David Paterson

New York

Fight over charter school funding freeze pushed to next year

After repeatedly lobbying the mayor to find more funding for charter schools, charter school leaders believe the battle in Albany is over for this year. The state's education spending for next year is still in limbo: Yesterday, Paterson vetoed a budget that included $419 million in education aid, and the legislature may or may not override the veto. But with no players — neither the governor nor the legislature — showing interest in unfreezing charter school funds, advocates are now setting their sights on next year. "People are already lining up for the 2012 budget," said James Merriman, head of the city's Charter School Center. One last hope for charter school supporters is that Mayor Bloomberg might himself un-do the funding freeze with city funds. Charter school leaders have been petitioning City Hall to fill in the funding freeze using city dollars. On Friday, the mayor made his first public call for equal per-pupil funding for charter schools in a letter sent to Governor David Paterson, Assembly Speaker Sheldon Silver and Senate Democratic Conference Leader John Sampson (printed in full below the jump). But the mayor stopped short of demanding that some of the funds be given to charter schools this year: It is in keeping with our commitment to fairness and equity that we treat all public schools, charter and non-charter, alike. Given the complexities involved, it would be unreasonable to think that all of the issues involved will be resolved in this session. What is essential is that we move forward with a commitment to end disproportionality.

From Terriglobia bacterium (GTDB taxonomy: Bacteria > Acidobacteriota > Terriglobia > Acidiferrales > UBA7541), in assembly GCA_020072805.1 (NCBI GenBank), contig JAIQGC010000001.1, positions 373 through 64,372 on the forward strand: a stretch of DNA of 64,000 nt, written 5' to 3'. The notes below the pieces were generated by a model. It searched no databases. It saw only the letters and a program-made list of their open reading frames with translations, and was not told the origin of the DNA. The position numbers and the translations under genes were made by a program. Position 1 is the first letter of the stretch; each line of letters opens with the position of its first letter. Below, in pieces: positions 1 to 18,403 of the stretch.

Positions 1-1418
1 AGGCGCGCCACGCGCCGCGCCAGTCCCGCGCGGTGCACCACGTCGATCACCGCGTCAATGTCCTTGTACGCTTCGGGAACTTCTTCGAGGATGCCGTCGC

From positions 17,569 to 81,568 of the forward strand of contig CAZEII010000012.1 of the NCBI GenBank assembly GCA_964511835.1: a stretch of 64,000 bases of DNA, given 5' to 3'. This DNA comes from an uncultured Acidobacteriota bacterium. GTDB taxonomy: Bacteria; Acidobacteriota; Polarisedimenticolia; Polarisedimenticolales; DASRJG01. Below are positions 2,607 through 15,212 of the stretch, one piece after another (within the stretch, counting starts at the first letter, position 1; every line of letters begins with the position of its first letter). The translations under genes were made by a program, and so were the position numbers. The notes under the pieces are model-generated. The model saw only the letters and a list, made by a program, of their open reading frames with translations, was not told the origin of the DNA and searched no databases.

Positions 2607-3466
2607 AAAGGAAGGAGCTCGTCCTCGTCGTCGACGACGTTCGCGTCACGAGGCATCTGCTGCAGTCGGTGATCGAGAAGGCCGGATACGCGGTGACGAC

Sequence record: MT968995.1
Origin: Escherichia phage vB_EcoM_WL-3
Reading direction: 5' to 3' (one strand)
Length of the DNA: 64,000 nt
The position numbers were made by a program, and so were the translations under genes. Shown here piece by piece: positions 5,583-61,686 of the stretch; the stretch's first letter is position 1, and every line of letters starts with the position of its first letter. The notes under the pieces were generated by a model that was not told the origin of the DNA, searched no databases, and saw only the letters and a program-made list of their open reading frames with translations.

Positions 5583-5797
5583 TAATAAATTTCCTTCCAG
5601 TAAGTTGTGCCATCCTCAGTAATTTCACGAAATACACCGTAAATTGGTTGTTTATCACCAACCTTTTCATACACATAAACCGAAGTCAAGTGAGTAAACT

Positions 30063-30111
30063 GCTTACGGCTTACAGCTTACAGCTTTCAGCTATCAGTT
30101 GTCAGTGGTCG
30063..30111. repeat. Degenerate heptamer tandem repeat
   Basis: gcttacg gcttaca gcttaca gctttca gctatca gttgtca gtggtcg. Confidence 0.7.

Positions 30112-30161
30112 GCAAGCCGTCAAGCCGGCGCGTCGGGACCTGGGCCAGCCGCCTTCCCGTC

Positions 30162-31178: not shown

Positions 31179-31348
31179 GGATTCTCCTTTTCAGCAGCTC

New York

Critics of 2002 law hopeful Senate will pass a compromise bill

New York

Charter schools will get $30M in one-shot plan to counter freeze

PHOTO: Alan PetersimeA Queens charter school encouraged parents and students to call Governor David Paterson and Senate Majority Leader Malcolm Smith after it learned charter schools could see their funding frozen. Paterson and Smith are now sending the schools $30 million. (##http://picasaweb.google.com/teach11372/RenaissanceCharterRallyAndMarchAgainstCharterCuts#5319497282636828866##Nicholas##) Governor David Paterson and Malcolm Smith, the state Senate majority leader, are back in good favor with their long-lost charter school friends. Smith has just announced a plan to counteract a budget freeze that took the schools by surprise earlier this year, by sending the schools a one-time $30 million grant. The grant is less than the $51 million that charter schools were slated to lose after legislators axed planned funding increases in their recent budget deal. And it will expire at the end of next year, leaving supporters to wage a new fight  over funds then. But a source familiar with the plan who is a supporter of charter schools said that $30 million will be enough to help schools that had been imagining slashing after-school programs and turning down extra staff they'd already hired for next year. Smith announced the planned injection just now at a charter school lottery in Harlem, which Philissa is covering. The lottery is the annual event for the former City Council member Eva Moskowitz, who runs the Success Charter Network in Harlem. Harlem Success is expecting more than 5,000 parents at the lottery, which will determine which children are selected to attend the schools.
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